“After nearly two decades in Afghanistan, where we have invested a tremendous amount of training and resources in the Afghan government and its security forces, we’ve built the foundation to secure a durable peace without a permanent military presence,” Udall said. “That’s why I support negotiations to get a peace plan in place that will bring our troops home safely, and block the rise of terrorist outfits.”

“No one knows better than the Taliban the consequences that come from harboring terrorists who would threaten the United States,” he added.

Yet when Army Gen. Joseph Votel, the outgoing head of CENTCOM, testified before the House Armed Services Committee on Thursday, several lawmakers were openly skeptical about trusting the Taliban.

Rep. Michael Waltz (R-Fla.), a former Green Beret, asked Votel three times if conditions on the ground are stable enough for U.S. troops to leave Afghanistan before the general finally replied, “The political conditions and where we are in the reconciliation right now don’t merit that.”

Although the United States has been able to draw down its troop presence considerably from a peak of 100,000 to about 14,000 now, the fight against terrorist groups in Afghanistan and elsewhere will last longer than a single generation, said retired Army Gen. David Petraeus, who led U.S. and coalition troops in Afghanistan from 2010 to 2011.

“We need to accept that and acknowledge that this requires a sustained commitment – albeit one that is sustainable in terms of blood and treasure,” Petraeus told Task & Purpose. “What we are doing now in Afghanistan – and also in Iraq and Syria and Africa and elsewhere – is absolutely sustainable, even as we embark on a renewed military focus on possible conflict with peer competitors, given the return of so-called great power rivalries.”

For retired Marine Maj. Ross Schellhaas, who deployed to Now Zad, Afghanistan more than 10 years ago, the only issue that matters is whether terrorist groups can still use Afghanistan as a base to attack the United States and its allies. The “emotional investment” of lives and limbs lost should not dictate if U.S. troops stay.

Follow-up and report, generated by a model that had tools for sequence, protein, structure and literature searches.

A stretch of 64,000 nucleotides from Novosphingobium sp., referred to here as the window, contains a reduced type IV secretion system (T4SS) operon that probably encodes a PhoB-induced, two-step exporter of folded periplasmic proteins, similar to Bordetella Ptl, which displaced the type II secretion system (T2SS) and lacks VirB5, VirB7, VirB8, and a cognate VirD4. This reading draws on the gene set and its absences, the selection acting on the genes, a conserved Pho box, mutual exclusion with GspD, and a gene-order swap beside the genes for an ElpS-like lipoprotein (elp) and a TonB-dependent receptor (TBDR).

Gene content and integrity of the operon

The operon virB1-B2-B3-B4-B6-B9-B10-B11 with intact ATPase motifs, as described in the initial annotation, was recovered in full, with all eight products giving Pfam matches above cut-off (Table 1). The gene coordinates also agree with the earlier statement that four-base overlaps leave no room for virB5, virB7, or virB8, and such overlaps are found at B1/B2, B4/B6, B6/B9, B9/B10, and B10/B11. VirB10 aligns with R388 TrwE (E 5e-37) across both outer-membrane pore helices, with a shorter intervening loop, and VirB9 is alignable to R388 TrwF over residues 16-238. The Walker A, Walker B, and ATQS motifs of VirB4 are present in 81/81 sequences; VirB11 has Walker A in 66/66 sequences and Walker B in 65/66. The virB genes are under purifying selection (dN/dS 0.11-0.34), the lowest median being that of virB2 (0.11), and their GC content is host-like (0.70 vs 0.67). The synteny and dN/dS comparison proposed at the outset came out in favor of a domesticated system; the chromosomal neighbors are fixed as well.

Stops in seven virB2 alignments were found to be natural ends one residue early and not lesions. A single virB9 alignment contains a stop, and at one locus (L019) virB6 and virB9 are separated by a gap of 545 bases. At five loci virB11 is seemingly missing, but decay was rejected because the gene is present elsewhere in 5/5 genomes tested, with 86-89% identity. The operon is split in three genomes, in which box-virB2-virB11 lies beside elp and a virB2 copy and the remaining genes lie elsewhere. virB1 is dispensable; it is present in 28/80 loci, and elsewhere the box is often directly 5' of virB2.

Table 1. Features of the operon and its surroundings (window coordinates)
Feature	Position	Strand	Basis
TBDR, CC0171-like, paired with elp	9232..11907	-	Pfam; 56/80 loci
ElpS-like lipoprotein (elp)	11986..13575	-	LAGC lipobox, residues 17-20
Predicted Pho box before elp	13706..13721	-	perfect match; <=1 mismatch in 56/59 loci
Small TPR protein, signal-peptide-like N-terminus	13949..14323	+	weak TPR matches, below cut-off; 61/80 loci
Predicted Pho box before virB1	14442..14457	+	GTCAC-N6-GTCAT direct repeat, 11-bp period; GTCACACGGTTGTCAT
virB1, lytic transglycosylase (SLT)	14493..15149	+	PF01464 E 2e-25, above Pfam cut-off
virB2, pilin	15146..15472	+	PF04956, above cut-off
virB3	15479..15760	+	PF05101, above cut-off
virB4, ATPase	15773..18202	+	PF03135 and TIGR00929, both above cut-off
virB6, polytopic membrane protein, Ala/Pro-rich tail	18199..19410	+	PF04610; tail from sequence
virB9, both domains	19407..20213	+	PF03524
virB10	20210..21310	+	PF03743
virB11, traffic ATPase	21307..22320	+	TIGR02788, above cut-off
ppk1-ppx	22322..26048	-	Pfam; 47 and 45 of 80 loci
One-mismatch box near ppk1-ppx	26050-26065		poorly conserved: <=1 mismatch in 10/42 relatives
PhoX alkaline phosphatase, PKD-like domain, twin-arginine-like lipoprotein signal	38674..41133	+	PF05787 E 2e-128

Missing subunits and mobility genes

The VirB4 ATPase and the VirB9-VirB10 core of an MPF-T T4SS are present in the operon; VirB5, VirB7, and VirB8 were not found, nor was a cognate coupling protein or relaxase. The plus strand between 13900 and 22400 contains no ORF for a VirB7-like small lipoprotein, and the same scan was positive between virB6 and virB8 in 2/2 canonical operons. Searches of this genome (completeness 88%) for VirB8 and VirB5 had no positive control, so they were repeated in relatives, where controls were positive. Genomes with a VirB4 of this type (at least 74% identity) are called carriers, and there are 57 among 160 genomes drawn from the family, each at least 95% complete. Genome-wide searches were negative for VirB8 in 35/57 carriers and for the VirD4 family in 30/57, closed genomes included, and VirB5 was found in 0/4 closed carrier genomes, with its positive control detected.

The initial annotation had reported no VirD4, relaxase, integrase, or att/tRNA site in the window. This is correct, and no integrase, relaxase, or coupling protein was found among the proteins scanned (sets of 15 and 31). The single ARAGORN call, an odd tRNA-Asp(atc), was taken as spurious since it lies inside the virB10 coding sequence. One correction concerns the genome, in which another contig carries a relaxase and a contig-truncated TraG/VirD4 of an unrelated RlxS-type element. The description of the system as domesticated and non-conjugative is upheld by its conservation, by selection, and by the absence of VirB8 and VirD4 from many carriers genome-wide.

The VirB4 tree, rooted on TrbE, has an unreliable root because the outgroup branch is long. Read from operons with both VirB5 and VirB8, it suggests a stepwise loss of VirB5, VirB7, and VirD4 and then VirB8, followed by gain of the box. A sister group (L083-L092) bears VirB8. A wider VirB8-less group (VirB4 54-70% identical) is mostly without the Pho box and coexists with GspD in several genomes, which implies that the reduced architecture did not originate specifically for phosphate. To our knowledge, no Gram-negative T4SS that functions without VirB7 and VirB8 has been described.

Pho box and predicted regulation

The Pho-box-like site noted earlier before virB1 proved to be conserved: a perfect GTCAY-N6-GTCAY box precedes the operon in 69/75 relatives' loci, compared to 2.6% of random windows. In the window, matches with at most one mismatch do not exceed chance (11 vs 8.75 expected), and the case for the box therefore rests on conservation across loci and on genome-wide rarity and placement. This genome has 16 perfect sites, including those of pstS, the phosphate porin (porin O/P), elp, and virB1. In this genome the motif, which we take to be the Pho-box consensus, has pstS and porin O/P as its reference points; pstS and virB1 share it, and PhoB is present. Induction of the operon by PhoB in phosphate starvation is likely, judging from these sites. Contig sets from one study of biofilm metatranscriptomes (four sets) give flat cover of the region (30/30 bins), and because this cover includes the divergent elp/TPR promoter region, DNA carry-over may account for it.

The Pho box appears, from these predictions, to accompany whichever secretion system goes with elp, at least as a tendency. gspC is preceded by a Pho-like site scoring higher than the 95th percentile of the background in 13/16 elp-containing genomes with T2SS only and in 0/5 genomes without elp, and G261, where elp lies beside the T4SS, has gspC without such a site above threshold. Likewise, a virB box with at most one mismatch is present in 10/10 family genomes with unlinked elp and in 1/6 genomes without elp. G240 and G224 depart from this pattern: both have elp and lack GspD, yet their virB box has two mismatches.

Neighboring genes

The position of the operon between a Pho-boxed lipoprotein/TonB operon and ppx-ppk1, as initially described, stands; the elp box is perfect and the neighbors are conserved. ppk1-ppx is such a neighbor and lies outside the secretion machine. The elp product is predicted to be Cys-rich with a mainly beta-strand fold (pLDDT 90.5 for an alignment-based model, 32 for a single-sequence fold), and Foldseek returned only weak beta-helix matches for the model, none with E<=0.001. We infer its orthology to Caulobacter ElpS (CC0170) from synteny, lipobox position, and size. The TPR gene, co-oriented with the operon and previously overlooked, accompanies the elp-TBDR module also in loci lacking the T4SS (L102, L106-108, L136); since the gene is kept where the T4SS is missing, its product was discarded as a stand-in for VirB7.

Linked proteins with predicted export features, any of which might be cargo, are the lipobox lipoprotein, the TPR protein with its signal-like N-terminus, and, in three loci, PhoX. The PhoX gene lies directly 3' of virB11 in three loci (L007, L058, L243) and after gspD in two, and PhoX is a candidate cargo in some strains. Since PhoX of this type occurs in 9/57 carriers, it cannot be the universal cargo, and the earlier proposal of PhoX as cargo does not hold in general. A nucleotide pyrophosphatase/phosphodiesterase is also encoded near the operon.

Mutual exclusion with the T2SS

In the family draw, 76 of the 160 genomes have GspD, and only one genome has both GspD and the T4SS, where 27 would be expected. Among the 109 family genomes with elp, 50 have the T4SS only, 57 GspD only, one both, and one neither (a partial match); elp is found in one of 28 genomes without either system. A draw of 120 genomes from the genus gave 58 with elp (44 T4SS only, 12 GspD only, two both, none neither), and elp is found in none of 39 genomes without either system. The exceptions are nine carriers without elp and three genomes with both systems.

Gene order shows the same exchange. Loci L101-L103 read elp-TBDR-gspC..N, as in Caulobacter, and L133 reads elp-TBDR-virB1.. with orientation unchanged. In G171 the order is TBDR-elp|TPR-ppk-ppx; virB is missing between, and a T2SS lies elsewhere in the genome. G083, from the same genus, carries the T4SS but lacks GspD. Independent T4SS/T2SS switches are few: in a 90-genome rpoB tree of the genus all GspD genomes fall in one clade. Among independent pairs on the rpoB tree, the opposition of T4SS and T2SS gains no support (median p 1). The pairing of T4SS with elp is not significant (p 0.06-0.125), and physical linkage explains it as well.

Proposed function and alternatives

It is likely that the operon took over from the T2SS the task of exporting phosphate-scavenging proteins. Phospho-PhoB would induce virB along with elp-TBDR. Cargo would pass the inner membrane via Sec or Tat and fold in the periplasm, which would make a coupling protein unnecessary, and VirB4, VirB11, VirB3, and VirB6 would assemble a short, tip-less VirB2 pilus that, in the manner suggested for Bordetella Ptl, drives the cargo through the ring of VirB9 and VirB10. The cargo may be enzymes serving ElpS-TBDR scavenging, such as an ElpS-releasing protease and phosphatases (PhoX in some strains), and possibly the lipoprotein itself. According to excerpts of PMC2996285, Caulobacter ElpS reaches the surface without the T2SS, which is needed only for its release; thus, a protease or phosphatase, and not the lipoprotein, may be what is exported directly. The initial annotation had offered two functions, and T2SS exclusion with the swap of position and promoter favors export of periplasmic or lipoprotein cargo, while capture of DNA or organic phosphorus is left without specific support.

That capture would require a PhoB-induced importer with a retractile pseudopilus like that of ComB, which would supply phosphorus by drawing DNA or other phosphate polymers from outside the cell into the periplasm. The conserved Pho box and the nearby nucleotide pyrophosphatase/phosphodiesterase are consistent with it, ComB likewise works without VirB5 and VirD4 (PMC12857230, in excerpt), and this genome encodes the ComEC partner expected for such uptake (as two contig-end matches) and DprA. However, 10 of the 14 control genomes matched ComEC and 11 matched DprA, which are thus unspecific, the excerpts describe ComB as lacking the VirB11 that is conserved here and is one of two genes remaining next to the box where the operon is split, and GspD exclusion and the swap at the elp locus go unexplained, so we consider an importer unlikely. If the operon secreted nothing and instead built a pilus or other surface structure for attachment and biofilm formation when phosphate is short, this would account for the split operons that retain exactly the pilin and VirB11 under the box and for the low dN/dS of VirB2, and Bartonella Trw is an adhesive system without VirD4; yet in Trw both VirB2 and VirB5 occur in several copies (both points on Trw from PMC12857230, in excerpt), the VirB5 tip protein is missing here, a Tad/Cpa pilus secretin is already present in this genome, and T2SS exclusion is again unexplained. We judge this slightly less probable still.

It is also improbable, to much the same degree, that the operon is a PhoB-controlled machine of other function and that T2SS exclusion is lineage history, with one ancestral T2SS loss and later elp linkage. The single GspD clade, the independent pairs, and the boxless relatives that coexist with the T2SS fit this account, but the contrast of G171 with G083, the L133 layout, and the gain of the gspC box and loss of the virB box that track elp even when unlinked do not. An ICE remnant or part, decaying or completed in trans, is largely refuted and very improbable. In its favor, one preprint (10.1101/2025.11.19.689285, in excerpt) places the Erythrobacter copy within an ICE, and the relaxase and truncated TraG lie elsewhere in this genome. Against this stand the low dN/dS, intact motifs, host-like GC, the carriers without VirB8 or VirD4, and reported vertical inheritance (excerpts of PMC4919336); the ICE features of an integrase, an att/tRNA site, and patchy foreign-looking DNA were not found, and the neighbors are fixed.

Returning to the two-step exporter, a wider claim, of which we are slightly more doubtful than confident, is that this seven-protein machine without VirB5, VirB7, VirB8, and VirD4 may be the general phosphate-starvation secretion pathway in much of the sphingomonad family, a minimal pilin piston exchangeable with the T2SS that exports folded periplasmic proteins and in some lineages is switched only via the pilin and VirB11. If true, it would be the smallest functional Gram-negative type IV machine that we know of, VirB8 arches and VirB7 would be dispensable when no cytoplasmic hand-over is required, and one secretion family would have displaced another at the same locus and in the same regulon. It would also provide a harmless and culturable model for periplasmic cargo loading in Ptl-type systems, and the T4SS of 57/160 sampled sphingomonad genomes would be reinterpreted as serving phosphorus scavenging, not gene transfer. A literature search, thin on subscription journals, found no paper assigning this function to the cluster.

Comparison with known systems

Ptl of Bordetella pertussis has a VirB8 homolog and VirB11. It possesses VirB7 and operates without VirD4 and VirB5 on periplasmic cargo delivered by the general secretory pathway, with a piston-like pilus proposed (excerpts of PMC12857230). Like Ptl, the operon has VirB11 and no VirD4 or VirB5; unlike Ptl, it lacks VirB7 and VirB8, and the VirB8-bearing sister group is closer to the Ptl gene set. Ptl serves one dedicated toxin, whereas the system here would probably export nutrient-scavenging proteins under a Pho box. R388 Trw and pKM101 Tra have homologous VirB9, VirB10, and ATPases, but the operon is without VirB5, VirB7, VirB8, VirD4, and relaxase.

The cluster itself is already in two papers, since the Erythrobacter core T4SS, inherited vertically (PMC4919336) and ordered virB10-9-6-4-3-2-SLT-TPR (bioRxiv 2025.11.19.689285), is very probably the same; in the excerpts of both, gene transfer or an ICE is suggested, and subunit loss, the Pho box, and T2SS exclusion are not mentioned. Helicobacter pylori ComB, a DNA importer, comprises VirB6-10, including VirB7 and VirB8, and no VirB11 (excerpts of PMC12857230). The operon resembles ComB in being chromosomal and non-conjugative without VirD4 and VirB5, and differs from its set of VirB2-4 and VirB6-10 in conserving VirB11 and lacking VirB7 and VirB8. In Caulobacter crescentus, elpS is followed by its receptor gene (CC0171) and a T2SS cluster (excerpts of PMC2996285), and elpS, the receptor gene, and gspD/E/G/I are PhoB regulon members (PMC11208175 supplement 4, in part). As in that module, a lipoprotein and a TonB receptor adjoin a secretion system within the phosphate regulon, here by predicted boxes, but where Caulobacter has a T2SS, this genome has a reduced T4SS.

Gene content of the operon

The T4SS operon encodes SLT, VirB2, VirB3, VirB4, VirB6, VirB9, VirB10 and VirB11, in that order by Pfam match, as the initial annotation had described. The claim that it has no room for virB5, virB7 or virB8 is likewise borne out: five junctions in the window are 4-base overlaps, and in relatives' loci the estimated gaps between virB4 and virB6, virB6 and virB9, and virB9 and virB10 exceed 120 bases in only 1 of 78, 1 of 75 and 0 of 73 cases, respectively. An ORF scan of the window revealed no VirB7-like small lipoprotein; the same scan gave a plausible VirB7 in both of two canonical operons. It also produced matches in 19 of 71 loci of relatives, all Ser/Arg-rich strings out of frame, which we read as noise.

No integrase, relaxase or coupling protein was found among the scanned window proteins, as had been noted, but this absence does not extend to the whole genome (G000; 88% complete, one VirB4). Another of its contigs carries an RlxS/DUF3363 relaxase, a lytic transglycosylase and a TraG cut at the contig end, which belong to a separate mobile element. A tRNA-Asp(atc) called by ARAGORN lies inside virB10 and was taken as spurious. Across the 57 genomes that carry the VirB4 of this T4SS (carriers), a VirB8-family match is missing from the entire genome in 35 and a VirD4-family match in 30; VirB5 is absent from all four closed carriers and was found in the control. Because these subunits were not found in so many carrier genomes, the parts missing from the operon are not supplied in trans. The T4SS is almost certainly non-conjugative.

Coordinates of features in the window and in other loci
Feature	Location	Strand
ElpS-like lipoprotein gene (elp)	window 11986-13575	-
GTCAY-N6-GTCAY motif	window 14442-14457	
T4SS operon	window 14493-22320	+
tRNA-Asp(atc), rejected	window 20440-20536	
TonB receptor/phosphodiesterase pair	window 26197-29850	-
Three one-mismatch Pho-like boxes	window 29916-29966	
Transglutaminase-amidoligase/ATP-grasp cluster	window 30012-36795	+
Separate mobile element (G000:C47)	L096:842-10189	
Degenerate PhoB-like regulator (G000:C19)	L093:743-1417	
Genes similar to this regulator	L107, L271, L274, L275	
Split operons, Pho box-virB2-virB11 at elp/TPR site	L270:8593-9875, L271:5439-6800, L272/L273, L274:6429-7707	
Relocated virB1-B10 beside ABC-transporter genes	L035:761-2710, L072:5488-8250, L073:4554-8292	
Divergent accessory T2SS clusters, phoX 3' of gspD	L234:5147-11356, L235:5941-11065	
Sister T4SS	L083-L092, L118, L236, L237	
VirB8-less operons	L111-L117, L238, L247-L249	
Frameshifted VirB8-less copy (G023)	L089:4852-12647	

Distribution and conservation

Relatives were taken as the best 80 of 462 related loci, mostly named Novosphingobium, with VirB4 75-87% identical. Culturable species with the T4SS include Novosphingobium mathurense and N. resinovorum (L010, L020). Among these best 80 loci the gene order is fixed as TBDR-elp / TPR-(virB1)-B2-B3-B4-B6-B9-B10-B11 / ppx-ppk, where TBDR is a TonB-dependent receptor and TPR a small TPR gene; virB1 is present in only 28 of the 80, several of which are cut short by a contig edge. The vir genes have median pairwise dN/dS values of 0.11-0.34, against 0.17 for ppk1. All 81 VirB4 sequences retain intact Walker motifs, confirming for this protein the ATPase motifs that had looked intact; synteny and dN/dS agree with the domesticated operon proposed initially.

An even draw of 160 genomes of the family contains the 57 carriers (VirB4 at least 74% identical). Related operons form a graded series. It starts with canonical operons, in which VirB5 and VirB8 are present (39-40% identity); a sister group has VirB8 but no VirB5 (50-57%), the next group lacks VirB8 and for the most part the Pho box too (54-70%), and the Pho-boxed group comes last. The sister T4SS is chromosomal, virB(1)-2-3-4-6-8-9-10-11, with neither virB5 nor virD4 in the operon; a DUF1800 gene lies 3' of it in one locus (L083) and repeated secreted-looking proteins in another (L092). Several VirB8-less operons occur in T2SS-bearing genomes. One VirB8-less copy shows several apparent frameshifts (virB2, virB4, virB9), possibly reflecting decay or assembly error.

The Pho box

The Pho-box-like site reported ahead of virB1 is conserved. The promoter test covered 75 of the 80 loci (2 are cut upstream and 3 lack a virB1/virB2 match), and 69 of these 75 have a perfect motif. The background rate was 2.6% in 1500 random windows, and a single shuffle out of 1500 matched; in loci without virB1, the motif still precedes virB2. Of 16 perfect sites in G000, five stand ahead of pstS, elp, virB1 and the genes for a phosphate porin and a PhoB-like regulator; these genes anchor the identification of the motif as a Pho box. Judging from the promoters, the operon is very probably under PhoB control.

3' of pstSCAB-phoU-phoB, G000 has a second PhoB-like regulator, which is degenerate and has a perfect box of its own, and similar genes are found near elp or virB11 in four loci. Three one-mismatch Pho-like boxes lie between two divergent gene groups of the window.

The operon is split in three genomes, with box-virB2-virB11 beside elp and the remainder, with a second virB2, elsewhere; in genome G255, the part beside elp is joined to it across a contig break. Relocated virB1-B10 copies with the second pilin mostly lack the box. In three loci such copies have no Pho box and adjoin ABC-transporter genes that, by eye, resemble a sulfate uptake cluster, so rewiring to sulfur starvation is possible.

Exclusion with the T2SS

The U.S. military cannot remain in Afghanistan forever, so if the Taliban agree to prevent terrorist groups from using Afghanistan as a base of operations, the United States could say it has achieved its strategic objective following the Sept. 11, 2001 terrorist attacks, Schellhaas told Task & Purpose.

“The Taliban took control of Now Zad in 2014,” Schellhaas said. “A lot of my guys were upset. But that – like being killed or wounded – is the nature of being in the armed forces. No matter what the outcome, I’m proud of my Marines and sailors that I served with there and would do it all over again. But I don’t take it personally. It’s just part of the life we chose.”

“We’d all like to think that the sacrifices we make are enduring but the reality isn’t always like that,” he continued. “Military folks in World War I and World War II can point to their service and say they saved the free world from tyranny. The U.S. military’s ‘9/11 generation’ can’t point toward similar tangible results.”

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Jeff Schogol covers the Pentagon for Task & Purpose. He has covered the military for 13 years and embedded with U.S. troops in Iraq and Haiti. Prior to joining T&P, he covered the Marine Corps and Air Force at Military Times. Comments or thoughts to share? Send them to Jeff Schogol via email at or direct message @JeffSchogol on Twitter.